To date, the director Ali Abbasi (Tehran, 1981) has used tales of supernatural terror to address current social malaise. In Shelly (2016) paid tribute to The seed of the devil (Roman Polanski, 1968) casting an ominous shadow over a surrogate pregnancy, and in Border (2018) explored the rejection of the different from a community of fantastic creatures.
In his third film, holy Spider, which opens this Friday, the Danish-nationalized Iranian filmmaker has put genre cinema on hold to bring audiences into the dread of real life. Two decades after going into exile, Abbasi recreates a lurid event that happened in his country to revolt against the censorship and misogyny that led to his departure.
Between August 2000 and July 2001, Iranian citizen Saeed Hanaei strangled 16 sex workers in the holy capital of Mashhad. The crimes were coined by the Persian press as spider crimes, because their perpetrator lured the victims to their homes to kill them. His execrable acts were not condemned, however, by the population, who appreciated the “cleansing” of dirt and vice in its streets and came to praise him as a martyr.
In an interview granted before his execution to the founder of the portal IranWireMaziar Bahari, the serial killer assured that he did not feel sorry and claimed that if he had not been arrested, “I would have wanted to kill 150 more”.
Abbasi has taken this case as raw material for a thriller unsettling, which won the best actress awards at Cannes and Seville for its protagonist, Zar Amir Ebrahimi. In holy spider It continues around with the presence of monsters, but these do, they live among us.
Question. His adaptation of John Ajvide Lindqvist’s short story, Borderbrought you both praise and booing, has this division of opinion been repeated with holy spider?
Reply. The premiere of Border in Cannes it was, indeed, very convulsive. There were people who were enthusiastic, another who left the theater and another who yelled at me: “Fuck you!” This time, the reception has been sober. However, the reactions do not matter to me. With all my respect, I don’t give a damn what you write.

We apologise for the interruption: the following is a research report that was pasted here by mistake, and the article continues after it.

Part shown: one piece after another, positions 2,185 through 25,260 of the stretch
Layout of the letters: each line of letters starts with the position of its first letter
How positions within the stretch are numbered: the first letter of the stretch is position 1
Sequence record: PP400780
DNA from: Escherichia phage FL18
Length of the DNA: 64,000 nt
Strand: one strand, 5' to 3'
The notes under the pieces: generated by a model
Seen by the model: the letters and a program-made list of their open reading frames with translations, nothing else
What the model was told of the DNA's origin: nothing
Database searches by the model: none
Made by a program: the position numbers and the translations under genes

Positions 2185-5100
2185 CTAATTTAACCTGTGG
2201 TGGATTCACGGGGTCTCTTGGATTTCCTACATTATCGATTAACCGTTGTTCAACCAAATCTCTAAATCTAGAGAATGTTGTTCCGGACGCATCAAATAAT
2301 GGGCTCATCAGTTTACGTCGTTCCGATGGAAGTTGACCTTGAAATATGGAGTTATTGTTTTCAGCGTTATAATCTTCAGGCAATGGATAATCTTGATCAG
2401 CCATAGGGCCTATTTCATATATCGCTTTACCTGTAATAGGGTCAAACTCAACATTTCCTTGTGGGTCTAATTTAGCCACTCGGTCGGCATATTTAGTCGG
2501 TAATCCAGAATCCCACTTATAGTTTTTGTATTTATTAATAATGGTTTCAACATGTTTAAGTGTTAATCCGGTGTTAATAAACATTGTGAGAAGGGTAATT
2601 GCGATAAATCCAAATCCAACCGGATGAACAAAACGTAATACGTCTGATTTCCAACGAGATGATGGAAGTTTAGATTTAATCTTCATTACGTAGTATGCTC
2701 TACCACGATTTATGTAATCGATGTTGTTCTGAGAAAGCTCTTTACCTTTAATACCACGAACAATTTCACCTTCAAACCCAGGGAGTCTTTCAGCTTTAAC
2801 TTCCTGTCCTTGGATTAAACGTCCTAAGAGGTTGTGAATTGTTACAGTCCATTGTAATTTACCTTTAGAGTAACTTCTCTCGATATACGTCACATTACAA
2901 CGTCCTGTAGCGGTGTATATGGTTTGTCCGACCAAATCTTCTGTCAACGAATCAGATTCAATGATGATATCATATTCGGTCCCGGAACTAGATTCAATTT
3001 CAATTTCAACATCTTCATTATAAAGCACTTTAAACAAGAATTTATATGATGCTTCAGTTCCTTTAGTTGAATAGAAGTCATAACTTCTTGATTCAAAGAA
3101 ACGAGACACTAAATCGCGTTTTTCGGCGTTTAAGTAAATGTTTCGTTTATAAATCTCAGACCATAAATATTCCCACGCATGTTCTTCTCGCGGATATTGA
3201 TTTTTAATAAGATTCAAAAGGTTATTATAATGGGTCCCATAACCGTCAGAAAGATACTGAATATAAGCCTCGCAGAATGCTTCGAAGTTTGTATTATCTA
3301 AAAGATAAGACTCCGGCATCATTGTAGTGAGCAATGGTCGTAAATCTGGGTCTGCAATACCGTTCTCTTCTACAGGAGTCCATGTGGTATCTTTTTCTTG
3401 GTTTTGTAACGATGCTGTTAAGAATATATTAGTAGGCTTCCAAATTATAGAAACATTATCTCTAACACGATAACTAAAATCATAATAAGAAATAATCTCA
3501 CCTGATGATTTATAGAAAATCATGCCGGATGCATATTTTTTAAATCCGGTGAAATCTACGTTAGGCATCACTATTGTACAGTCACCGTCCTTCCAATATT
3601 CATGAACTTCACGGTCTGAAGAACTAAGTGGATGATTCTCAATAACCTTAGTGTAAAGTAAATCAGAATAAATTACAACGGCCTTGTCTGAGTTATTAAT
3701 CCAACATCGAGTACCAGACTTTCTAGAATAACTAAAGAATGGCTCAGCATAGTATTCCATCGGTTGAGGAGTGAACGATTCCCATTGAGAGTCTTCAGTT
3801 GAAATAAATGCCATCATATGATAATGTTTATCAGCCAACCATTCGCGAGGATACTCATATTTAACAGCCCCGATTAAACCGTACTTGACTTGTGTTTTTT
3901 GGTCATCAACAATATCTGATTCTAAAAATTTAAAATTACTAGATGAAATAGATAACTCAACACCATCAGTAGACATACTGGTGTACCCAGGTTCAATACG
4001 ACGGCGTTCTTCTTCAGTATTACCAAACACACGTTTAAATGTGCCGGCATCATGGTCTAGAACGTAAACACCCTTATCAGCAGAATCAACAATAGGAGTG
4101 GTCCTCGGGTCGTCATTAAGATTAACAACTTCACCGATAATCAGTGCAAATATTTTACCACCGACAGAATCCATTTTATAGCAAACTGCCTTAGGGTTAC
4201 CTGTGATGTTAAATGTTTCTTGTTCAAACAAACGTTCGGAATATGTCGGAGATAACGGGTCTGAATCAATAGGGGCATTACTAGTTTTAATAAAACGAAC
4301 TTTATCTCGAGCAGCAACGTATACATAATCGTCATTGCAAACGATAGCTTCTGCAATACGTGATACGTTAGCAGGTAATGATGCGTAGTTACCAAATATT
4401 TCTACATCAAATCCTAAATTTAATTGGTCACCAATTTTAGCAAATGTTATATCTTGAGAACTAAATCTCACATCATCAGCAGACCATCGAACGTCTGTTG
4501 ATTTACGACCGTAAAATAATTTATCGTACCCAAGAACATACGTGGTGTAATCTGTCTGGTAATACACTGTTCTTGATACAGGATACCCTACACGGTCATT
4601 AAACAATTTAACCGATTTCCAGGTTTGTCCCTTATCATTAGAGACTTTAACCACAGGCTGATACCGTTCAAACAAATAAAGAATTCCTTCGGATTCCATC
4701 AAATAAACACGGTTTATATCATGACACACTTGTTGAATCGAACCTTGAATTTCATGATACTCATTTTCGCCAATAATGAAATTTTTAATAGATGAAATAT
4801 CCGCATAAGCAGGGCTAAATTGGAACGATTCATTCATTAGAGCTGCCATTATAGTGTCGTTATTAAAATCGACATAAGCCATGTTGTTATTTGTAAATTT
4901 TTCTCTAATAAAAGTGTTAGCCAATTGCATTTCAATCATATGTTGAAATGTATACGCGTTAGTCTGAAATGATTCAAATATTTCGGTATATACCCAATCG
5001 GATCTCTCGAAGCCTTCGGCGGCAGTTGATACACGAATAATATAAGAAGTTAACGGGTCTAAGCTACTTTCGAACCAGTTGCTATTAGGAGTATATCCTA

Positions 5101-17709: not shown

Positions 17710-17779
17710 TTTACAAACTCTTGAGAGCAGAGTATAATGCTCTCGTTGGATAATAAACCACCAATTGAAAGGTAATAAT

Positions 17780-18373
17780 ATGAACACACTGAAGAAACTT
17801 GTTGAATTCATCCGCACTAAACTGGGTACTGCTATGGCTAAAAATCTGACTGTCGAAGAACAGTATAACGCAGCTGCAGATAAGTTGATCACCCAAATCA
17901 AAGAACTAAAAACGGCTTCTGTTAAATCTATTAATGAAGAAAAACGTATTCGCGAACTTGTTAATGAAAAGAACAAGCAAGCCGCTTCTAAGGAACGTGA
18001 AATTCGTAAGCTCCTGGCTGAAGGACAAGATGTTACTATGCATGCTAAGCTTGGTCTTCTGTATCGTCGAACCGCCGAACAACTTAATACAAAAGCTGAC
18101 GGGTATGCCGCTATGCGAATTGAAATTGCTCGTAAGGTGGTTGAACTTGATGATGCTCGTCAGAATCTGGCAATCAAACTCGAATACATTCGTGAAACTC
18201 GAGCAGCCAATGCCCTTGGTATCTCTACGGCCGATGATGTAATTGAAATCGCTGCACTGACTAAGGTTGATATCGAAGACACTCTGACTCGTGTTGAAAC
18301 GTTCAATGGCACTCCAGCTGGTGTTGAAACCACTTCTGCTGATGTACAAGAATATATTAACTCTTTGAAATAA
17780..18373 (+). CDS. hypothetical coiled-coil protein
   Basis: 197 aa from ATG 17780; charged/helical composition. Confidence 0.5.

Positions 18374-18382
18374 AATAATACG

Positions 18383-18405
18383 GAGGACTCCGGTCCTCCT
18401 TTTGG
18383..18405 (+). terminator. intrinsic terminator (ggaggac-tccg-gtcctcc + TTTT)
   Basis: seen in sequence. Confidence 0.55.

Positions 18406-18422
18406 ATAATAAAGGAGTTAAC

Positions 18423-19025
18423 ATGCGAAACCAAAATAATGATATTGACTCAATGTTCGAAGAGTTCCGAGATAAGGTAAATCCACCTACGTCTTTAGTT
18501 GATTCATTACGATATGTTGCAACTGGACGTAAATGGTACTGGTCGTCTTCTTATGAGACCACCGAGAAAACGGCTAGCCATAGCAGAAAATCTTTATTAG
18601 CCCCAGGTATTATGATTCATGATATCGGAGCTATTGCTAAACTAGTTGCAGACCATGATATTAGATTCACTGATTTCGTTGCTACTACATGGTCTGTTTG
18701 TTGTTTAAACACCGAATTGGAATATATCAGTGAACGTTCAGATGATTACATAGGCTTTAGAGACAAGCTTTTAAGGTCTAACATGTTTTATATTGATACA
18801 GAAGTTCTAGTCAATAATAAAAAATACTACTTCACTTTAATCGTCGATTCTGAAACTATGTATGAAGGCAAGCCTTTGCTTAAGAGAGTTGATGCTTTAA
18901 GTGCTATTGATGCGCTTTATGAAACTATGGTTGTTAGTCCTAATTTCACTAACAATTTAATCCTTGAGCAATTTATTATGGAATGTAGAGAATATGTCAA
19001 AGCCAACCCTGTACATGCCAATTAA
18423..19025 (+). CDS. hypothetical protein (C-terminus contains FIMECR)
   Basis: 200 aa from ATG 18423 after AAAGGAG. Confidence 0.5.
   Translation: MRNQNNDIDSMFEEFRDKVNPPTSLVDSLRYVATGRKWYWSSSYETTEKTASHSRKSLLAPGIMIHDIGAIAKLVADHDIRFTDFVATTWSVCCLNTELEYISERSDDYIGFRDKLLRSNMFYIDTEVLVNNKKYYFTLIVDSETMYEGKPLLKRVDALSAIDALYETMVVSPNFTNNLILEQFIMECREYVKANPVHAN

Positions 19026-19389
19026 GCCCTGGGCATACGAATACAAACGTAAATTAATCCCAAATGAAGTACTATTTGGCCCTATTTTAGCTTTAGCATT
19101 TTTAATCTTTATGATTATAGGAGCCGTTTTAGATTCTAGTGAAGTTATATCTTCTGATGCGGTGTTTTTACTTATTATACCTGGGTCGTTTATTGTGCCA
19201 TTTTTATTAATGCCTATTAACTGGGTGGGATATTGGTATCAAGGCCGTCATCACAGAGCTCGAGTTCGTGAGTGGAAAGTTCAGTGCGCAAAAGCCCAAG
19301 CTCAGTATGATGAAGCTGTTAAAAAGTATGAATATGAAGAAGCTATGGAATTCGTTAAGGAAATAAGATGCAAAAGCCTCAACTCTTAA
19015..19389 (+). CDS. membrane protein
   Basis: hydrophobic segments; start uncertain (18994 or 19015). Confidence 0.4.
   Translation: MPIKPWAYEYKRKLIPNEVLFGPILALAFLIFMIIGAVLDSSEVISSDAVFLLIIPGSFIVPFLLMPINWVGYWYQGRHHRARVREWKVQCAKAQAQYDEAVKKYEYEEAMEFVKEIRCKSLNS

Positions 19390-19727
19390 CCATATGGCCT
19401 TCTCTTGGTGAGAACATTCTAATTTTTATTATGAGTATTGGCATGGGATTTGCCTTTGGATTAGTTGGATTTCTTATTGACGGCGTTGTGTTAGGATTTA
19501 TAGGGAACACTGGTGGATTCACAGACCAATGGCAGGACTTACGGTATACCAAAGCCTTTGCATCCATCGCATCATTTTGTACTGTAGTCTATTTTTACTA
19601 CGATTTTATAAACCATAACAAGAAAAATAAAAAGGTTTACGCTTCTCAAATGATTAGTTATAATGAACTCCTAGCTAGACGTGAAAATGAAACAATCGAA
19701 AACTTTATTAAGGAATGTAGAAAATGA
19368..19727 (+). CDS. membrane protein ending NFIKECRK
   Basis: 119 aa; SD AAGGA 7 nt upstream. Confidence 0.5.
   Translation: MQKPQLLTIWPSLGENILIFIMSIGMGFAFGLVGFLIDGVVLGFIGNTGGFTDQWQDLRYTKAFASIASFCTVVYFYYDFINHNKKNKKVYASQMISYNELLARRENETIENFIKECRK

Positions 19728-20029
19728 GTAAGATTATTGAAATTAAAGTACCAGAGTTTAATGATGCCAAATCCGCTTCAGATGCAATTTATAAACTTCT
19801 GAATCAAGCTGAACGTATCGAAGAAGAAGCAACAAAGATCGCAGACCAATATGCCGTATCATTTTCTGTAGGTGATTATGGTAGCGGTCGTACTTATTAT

Q. What brought you to the film?
R. My mission was to incorporate it into the corpus of Iranian cinema and deconstruct the strange parallel reality that they have been creating for half a century. For 50 years we have been given a version of Iranian life marked by the acceptance of censorship, which happens because women appear dressed when they go to sleep. They never show their hair. They don’t go to the bathroom. They don’t have sex. In fact, they practically do not walk. And no one wonders if reality is as it is. Perhaps I am arrogant, but I think that with this film we have called it into question.
A cultural hybrid
Q. Iranian cinema has a tradition of confronting censorship by giving prominence to children to raise criticism in a hidden way. What do you think of that practice?
R. I’m fucking tired of the use of similes in Middle Eastern culture. There is nothing metaphorical about misogyny or the life of prostitutes in Iran. Until 20 years ago, I was Iranian, but now I have one foot in Scandinavia. I feel like a cultural hybrid, but I still know my home country well enough to stomach the legitimization of censorship. People are very smart in Iran, they always find a way to sneak in a good metaphor, to criticize the government through a group of children playing, but it’s not enough. There is something that frustrates me and makes me sick about other Iranian directors, that push and pull with censorship in Iran. It annoys me to read Kiarostami say that he used censorship as a creative tool. That’s a bullshit opinion. He was a great director and a great artist, but his stance is totally against my temper.
Q. But perhaps it was easier for him because he is not based in Iran, while Kiarostami stayed.
R. I agree with you, but that too is a choice. I had a very good life in Iran. I played tennis twice a week, went to good restaurants, skied in winter. He had a level of comfort that he hadn’t enjoyed in a while.
Q. This story goes back 20 years, how has the #MeToo movement affected your writing?
R. Over the years I lost interest in the character of the murderer and his context, the investigation, gained interest. The journalist was part of the story, but she definitely gained more weight. When Zar joined the cast, he incorporated the whole #MeToo aspect with his personal experience. I am not on social networks, I have not followed the hashtag nor have I been involved in the movement, but you don’t need to be to be aware. Iran is a #MeToo with legs for a century.
Q. Why did you think that the search for justice should be carried out by a journalist?
R. I adore journalists, I respect them, but not in the cinema. The characters based on you are usually very two-dimensional. They are always driven by the search for the truth and are fucking irritating with their honesty and uprightness. They are not flesh and blood. The important thing in this film is not the work of the protagonist as a reporter, but her fears and her phobias.
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